I have a thing for numbers. And patterns. And patterns of numbers. Which is very handy considering the diabetes diagnosis I was handed 8 1/2 years ago. If there was ever someone who was well suited to their diagnosis - it's me. My mother and I actually laughed about that as I sat in Intensive Care that first day. I count everything, see patterns everywhere and like structure. Hello diabetes management!
Anyway, today's musings aren't about diabetes, they're about numbers.
I'm fond of even numbers and have a particular fondness for the number 4. Eight and two are pretty good too. Six is fine but it's not very pretty and just doesn't do much for me.
Odd numbers are appealing in a completely different way - I like to manipulate them (add, subtract etc) to turn them into even numbers.
When I run, it's all about the numbers.
More importantly, it's about finding the right way to look at the numbers in order to reach a balance that is neither too easy nor too overwhelming. For some people, running is 90% mental. For me, it's 90% numbers.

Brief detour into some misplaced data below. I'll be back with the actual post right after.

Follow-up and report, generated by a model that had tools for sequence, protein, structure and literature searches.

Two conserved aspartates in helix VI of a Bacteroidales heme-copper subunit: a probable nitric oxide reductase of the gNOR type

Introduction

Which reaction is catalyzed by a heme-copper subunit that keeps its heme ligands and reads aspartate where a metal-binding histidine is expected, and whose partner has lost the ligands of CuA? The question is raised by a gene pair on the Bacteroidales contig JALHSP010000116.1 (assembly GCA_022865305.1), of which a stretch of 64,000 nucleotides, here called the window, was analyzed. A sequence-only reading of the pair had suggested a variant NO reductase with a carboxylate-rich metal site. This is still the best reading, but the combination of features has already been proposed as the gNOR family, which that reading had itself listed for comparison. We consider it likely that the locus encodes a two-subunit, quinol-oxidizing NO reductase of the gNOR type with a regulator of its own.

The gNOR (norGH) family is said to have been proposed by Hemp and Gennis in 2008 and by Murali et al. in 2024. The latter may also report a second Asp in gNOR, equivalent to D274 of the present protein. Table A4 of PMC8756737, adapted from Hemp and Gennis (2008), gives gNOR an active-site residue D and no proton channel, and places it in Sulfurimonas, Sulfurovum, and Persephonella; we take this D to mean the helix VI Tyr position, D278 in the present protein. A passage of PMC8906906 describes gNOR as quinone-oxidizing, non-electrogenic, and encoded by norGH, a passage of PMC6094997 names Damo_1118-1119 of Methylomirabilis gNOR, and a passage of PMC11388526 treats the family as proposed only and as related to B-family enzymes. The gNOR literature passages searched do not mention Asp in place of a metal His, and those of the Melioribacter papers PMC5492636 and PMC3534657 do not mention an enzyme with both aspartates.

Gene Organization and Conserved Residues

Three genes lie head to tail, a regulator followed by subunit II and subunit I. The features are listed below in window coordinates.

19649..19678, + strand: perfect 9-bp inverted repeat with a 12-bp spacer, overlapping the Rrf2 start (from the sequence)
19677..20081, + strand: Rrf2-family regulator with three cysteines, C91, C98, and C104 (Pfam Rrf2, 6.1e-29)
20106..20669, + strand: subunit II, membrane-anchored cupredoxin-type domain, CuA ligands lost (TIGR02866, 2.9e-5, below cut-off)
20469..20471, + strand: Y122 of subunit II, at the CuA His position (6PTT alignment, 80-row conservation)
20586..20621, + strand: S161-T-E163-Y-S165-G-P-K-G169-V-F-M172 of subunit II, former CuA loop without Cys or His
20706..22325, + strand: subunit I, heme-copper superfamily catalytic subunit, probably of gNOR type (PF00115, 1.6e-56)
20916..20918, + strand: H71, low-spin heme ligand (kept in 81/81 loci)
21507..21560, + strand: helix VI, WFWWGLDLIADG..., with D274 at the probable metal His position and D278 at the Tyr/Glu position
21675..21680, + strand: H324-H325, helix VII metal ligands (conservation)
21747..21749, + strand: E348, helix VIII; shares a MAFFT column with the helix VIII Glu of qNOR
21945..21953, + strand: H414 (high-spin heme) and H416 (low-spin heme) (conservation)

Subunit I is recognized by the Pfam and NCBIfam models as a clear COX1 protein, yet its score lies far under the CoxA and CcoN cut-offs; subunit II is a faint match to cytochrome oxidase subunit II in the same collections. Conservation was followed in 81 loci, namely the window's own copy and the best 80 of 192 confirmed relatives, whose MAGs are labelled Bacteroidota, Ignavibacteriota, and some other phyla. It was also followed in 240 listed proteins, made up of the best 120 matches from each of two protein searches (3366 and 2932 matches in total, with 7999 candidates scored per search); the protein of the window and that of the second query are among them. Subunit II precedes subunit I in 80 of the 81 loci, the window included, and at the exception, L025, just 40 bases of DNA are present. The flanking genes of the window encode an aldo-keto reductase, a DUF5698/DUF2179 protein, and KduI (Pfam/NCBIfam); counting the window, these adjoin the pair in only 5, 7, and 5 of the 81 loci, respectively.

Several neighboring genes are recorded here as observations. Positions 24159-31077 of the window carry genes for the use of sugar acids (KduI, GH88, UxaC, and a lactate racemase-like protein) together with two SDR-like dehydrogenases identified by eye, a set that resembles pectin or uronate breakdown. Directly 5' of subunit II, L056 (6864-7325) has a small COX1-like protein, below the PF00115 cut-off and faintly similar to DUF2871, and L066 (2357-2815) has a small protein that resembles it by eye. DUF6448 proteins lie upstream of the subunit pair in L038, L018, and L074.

For example, when I run a half marathon, I never run 21 kilometres. I run 3 kilometres seven times.
Around the Bay was 3 kilometres ten times.
Sixteen kilometres is a favourite distance of mine because it's 4x4 (wicked!).
The other important thing I do when I'm running is I count up and then down. In other words, for a half marathon, I have seven sets of 3K to do. I count up (1 set, 2 sets, 3 sets, 4 sets) and then, once over the half way hump, I change it to 3 sets to go, two sets, one set, done!
It's mind over matter folks and, for long runs, I'll use any trick I can to keep myself in the right frame of mind.
This summer, the new magic number I have to work with is 42.2 kilometres. I am trying to figure out how to break it down into manageable chunks.
Right now, I'm leaning towards the idea that, on October 23rd, I'll be running two half marathons. That's 7 sets of 3K - twice. Count up for the first seven and then down for the last seven.
I've run 3K. I've run half marathons. Nothing new there. This time, once I get to the half marathon finish line, I have to turn around and do it all over again.
What's the big deal?